Week’s Digest: Don’t use Startups to Say Something Else! and more
“Paying attention to everything is paying attention to nothing”. ~Outtake from OPPMAKR Blog
In a world where we are getting bombarded by articles, podcasts and tweets every day, we need to take a step back and digest what really inspires action. That is why I’ll be sharing what keeps me inspired by “OPPMAKR INSPIRATIONS” blog post series.
the financial times article about iranian startups
The most highlighted Iran startup related article of the week, without a doubt, is Najmeh Bozorgmehr’s article on Financial Times titled as Start-up republic: can Iran’s booming tech sector thrive?
Here is what I think about it: I don’t like the tone of the article because it’s too political and it seems that it is saying something about the Iran startups to use the topic and argues political views. I generally don’t like people use startups topic in Iran to say something else.
Having a closer look at the article, it provides good information about Iran startup ecosystem scene especially in terms of looking at the big picture. Being a consultant and a startups community member in Iran, I know that this kind of information is rare and hard to find. BUT it also oddly covers too much of political views of Iran. From what I understand it basically says:
- Tech startups are THE only hope for Iran’s economy
- In order for startups in Iran to thrive, they need foreign investment and knowledge of expats and foreigners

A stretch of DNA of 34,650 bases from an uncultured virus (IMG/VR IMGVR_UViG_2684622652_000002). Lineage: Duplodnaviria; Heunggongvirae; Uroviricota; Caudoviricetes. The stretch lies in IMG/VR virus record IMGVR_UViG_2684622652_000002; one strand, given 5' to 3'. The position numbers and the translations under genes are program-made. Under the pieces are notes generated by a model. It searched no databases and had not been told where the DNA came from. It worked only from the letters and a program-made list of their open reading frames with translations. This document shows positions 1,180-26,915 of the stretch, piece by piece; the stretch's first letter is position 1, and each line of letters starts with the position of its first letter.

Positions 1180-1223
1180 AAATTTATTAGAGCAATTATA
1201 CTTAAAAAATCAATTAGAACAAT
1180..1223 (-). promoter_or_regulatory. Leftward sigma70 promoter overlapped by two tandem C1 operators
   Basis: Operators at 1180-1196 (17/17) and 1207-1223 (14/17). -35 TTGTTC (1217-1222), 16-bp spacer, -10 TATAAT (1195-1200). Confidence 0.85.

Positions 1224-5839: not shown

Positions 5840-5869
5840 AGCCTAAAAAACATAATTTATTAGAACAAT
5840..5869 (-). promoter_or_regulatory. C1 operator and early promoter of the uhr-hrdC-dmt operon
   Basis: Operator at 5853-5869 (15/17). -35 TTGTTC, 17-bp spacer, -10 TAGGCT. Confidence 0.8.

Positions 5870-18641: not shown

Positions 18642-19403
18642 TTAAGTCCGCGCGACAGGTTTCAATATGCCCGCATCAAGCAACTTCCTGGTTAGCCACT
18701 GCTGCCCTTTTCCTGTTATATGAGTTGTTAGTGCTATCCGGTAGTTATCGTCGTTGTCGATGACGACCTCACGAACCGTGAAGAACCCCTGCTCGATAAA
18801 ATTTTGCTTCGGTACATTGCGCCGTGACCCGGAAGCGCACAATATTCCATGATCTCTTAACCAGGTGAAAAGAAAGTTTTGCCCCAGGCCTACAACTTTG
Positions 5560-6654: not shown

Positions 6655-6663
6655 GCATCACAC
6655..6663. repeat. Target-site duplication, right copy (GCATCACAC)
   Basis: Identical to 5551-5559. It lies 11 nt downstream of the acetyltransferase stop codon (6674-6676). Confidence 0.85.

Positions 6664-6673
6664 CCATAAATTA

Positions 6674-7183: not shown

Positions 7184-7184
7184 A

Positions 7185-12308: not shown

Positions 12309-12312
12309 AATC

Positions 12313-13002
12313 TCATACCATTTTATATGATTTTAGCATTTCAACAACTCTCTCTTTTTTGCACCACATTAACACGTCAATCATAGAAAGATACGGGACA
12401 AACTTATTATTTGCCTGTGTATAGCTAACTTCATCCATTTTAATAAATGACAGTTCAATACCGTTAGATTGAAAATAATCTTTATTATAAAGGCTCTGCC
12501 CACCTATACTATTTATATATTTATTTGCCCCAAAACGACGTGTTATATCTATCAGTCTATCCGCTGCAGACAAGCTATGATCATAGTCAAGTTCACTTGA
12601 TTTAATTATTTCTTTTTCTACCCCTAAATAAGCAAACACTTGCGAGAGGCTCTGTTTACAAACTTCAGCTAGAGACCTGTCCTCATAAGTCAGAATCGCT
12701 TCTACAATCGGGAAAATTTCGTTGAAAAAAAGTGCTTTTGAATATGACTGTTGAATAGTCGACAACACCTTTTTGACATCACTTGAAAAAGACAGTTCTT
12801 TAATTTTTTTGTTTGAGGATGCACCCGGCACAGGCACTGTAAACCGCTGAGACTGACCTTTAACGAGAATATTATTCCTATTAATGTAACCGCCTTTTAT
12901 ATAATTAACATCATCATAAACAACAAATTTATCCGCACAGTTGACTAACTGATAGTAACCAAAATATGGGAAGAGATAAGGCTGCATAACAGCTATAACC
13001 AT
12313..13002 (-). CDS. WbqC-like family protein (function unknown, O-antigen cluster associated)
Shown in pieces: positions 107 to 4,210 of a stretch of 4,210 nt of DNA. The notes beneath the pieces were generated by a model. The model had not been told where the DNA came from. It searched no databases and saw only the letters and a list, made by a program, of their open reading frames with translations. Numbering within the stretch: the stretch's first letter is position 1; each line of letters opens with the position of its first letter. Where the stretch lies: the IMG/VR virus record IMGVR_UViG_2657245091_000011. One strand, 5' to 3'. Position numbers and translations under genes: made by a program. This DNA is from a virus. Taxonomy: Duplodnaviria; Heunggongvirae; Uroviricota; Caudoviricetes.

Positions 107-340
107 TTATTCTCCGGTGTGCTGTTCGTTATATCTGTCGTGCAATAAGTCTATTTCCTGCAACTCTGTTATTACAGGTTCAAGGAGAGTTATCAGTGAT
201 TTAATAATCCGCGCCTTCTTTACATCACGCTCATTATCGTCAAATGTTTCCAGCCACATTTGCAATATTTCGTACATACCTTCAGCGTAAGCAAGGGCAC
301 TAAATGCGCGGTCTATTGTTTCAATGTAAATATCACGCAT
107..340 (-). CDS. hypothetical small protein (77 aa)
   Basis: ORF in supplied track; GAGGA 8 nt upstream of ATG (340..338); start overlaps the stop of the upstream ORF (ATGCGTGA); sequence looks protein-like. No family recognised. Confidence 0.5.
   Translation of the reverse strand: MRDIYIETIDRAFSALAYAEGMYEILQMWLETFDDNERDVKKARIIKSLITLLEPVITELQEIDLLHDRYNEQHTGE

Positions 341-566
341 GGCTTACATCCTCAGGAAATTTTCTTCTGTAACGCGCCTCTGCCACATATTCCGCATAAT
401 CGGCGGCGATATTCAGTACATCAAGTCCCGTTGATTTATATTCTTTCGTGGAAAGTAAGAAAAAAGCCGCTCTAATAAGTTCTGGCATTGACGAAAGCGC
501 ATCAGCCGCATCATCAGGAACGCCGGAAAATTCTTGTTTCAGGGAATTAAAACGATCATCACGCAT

- Iran is doing lots of political adventures moves in the region and this discourages west to cooperate with Iran
- Parts of Iran power system is against the strategy of getting help from outsiders
- THUS => “Iran needs to open the country’s doors to foreigners more, let expats to play more effective roles and aligns its foreign politics with west to thrive”.
I know startups by nature has high impact in comparison to other parts of the economy. According to the article, startups have the share of 1% of the economy yet, I can say we hear about them everywhere and that 99% is quieter than you think!
I believe in terms of the country’s sensitivity about expats and dual nationalities, it’s not only the matter of how “startup republic thrives”, but also “if the expats and dual nationalities” can enjoy benefits of having their second nationalities and at the same time Iran’s huge market. I would say, It’s hard and they need to know that they have chosen this path a long time ago. Now the market is open and they are first movers of the startup ecosystem in Iran, but it seems so natural that they hit bumps.
Also, I don’t think the only way for the startup community to thrive in Iran is that the authorities of Iran align their foreign policies with the west. Let’s keep economy and politics as separate as possible. And let’s keep startups and politics as separate as possible too. It’s not that much political, it wasn’t when it began, and it’s not now.
MY OPPMAKR FACE 2 FACE PROGRAM
After four years of dedication to expanding my operations through companies that I’m involved in, I can finally afford the luxury of meeting people who want consulting sessions with me. Before this, we always had a segment of the audience that they didn’t have deep enough projects to refer them to our companies to address their problems organizationally, on the other hand, I couldn’t answer to their inquiries deep enough, at the events that I talk or at my Instagram lives. With the dedication of my colleagues at the OPPMAKR Institute, now I have few hours per week to meet with entrepreneurs to help them thrive.